On May 25, Decrypt reported that Argentina’s Financial Information Unit (FIU) is enacting new monitoring of cryptocurrency transactions. The official reason for the new order is to prevent money laundering and other financial crimes using cryptocurrencies, though the Argentine newspaper El Cronista suggests that the real reason for this government action is to prevent further devaluation of the Argentine peso (ARS). 

The official exchange rate is currently about 67 pesos per dollar, but dollars are trading at almost 120 pesos in black markets. The peso’s devaluation has sparked a rush for dollars that further inhibits government efforts to stabilize its sovereign currency. Argentinians have been using cryptocurrency exchanges to buy bitcoin to trade for US dollarsa more trusted store of value.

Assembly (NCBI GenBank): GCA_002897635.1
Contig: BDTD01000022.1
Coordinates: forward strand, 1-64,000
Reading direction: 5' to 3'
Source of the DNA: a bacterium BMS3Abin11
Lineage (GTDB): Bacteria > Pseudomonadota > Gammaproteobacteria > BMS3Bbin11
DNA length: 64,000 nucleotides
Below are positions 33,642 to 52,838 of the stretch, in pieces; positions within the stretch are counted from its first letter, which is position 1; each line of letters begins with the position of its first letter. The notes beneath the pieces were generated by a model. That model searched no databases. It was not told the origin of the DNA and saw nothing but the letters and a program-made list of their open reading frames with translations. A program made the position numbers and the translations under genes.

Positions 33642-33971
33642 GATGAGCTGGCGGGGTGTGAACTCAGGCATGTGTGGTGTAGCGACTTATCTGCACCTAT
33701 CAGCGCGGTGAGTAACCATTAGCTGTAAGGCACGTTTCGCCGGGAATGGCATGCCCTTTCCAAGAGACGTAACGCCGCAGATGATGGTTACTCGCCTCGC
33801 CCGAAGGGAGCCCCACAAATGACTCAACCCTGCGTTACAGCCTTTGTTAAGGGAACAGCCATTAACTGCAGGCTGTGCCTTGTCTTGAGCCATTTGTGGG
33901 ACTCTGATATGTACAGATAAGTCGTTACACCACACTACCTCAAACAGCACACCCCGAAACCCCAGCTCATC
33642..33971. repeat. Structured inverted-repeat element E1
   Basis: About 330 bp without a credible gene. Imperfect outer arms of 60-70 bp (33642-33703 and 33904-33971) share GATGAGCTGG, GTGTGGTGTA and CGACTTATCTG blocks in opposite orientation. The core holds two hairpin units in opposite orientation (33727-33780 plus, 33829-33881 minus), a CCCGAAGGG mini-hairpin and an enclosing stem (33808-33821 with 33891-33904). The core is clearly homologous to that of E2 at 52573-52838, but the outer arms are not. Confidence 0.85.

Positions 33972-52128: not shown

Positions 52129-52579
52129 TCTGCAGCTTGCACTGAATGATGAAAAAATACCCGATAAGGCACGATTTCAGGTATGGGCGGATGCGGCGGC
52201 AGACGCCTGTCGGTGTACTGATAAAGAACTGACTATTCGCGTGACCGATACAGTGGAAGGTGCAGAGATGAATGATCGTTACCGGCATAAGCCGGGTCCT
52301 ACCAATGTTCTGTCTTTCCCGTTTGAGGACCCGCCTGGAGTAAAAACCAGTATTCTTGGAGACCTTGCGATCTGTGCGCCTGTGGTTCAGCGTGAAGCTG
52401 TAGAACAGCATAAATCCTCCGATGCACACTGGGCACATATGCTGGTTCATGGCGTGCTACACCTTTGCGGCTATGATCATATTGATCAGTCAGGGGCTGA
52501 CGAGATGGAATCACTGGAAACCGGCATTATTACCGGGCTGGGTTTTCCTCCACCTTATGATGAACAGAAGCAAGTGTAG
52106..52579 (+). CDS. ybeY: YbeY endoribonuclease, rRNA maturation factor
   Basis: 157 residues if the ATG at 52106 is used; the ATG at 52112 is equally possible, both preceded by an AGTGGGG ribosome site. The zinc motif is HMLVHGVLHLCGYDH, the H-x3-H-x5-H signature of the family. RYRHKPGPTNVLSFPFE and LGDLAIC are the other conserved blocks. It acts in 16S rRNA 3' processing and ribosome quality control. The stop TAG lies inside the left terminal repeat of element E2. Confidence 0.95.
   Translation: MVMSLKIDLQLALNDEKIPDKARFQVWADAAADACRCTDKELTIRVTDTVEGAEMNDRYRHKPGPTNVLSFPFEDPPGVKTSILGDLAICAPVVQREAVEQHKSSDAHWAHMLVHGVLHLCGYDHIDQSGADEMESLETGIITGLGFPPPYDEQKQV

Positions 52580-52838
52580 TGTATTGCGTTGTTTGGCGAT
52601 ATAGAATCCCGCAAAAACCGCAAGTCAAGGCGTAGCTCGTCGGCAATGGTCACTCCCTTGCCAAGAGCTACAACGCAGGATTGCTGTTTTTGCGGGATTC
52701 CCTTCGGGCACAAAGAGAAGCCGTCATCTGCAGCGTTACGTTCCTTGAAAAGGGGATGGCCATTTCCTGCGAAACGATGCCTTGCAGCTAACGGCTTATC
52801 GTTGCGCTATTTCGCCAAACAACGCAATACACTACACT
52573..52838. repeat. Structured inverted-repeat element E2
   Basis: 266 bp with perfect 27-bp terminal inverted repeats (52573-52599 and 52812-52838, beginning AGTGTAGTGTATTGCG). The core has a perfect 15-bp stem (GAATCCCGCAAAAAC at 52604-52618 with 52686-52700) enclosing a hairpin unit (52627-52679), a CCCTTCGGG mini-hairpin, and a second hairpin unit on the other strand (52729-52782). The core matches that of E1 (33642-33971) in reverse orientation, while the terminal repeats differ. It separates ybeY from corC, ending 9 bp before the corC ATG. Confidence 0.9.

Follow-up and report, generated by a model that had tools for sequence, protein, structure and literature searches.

Franco Amati, founder of the Buenos Aires Bitcoin Center, took to Twitter, posting, “Argentine government wants to stop the bitcoin dollar (buying BTC with ARS inside Argentina and converting those BTC to USD abroad).” Meanwhile, Mexican lawyer and investor Micky Sierra advised traders in Argentina to be on alert, as this recent action by the FIU could foreshadow cryptocurrency seizures with the justification being involvement in suspicious activity. 

Why It Matters: The appeal of bitcoin in places where trust in the sovereign currency is low demonstrates why digital currencies will continue to play a role in the global monetary policy. Rather than prohibiting their use, governments would be wise to accept cryptocurrency’s role as an alternative to fiat while ensuring that exchanges and other money service businesses maintain strong AMLCTFand sanctions compliance. 

Read the coverage in Decrypt here: 


Eidoo Partners with Visa to Issue Debit Card that Allows for Cryptocurrency Payments